# What is the Probability that I'd Get into Mensa?

So, I have some free time and the idea of joining Mensa just popped into my head for no particular reason. It has been a long time since I’ve had my IQ formally tested, but I recall it being somewhere around 140. Is there a way (preferably free) that I can test it myself at home to see if taking the Mensa application test would be worth my time? Also, if my IQ really is 140, what is the probability that I’ll get a score high enough to be admitted?

On a related note, are there any Mensa members here? If so, what was the test like?

Edit: Whoops, meant to put this in GQ, can a mod please move this?

Without knowing the particular test you took its impossible to say as they use different scales. Here are some they accept and the number needed:

Mensa has sample tests you can take to give you an idea, check the side of that page.

Otara

I’d say that if you can’t even put the thread in the right forum, your chances are probably…oh, hell, probably pretty good, come to think of it.

-XT

IIRC IQ is evenly distributed around the mean, so with Mensa accepting the top 2% of scorers, your overall probability of getting in would be 1/50. If your IQ really is 140, I would think your probability of getting in is 1/1.

Moved to GQ with the note that as long as the Mensa test isn’t strict about where you put your answers, the OP should be fine.

If you can’t calculate your odds of getting in on your own, than you can just forget about joining.

Much obliged, I’m glad that they don’t grade those tests based solely on forum etiquette!

Mensa tests are basically Sesame Street “one thing is not like the other”. That is the majority of the test. Then there are some math questions. (I failed word problems completely, but got the money questions right). Then there is a comprehension test on a paragraph they read first before the test, which they want you to remember till the end, at which point they give you that part of the test.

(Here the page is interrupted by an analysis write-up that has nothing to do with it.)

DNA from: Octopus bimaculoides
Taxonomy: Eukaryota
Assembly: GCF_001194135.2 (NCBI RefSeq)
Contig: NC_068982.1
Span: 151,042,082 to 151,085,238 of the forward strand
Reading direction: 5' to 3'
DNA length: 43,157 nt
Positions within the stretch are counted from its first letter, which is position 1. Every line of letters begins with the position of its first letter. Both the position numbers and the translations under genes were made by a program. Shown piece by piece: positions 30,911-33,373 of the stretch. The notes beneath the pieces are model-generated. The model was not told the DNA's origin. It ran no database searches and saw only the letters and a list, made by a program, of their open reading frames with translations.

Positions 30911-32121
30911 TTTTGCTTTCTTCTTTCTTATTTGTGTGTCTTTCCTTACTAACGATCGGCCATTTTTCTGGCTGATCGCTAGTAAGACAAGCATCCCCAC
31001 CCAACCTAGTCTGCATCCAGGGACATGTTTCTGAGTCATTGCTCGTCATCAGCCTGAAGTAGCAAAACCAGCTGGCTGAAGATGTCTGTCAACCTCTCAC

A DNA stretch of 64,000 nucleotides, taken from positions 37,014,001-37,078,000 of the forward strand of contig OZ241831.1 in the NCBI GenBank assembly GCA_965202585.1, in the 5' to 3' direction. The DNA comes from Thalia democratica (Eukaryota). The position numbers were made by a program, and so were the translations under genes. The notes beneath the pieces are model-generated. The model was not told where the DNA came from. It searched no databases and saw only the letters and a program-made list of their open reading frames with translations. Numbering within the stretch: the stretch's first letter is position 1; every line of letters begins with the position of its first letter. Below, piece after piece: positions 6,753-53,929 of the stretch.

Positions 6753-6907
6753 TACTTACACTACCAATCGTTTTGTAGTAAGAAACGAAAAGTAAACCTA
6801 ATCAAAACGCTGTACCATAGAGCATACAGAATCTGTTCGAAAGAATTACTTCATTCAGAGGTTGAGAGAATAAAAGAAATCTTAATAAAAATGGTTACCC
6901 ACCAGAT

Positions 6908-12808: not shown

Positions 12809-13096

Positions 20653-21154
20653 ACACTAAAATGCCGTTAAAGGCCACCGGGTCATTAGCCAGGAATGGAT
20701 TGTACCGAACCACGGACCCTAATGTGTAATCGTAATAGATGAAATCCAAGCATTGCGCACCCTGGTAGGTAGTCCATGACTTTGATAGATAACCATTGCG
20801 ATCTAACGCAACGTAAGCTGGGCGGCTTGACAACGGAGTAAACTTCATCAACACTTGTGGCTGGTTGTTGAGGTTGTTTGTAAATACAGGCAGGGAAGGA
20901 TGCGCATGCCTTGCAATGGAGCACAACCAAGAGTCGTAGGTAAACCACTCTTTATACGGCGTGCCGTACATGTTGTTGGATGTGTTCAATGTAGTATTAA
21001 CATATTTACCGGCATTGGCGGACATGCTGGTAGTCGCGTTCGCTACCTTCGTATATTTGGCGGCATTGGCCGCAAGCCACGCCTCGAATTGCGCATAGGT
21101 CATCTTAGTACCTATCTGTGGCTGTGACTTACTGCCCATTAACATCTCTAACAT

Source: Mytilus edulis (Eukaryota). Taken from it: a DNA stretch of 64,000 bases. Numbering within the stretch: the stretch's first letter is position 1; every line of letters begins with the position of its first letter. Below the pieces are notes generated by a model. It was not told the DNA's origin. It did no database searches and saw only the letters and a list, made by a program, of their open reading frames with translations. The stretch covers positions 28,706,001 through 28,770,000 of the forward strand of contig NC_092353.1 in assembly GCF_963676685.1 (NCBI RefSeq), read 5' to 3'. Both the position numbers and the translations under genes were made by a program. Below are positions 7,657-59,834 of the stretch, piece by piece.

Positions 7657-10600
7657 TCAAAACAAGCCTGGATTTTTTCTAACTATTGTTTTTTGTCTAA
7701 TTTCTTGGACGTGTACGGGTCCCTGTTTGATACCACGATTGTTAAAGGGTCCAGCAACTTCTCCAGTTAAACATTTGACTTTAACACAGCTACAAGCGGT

I passed. I got in the top 1%. And got in Mensa. Did it for a year and then quit.

I’m actually not supposed to tell anyone that according to them.

Why did you quit? I went to one meeting, and got annoyed that the two guest speakers were peddling some warmed-over woo, never went back.

So it turns out that the American Mensa web page has a practice test online that can be taken for 18 bucks. I just took it and here is what they said.

Congratulations!
You scored a 75 on the Mensa Home Test.

Scores between 73 and 80 are above the 98th percentile and indicate an approximate IQ range between 132 and 151. This high score indicates a strong possibility that you may qualify for membership in Mensa!

It looks like I may stand a shot! I realize that a 30 minute self administered test might not be the holy grail of evaluations, but I guess its enough for me to sink 40 bucks on an admission test.

@needscoffee - I may or may not be in the top 2% for intelligence, but you certainly aren’t in the top 2% for common decency and respect. That was totally uncalled for.

heavyarms553

Sir, you can actually use certain old “officially administered” IQ tests to get you into Mensa; I sent them official school documents. My WISC-III score is 143, Stanford Binet is 138, in comparison your number sounds like a pretty good bet for Mensa membership. Using an old test might be a way to save you some money and trouble, too. Funny, these numbers.

I scored above the 99.9th percentile on a state administered test in the 3rd grade. This would’ve been around 1990. Would they accept that?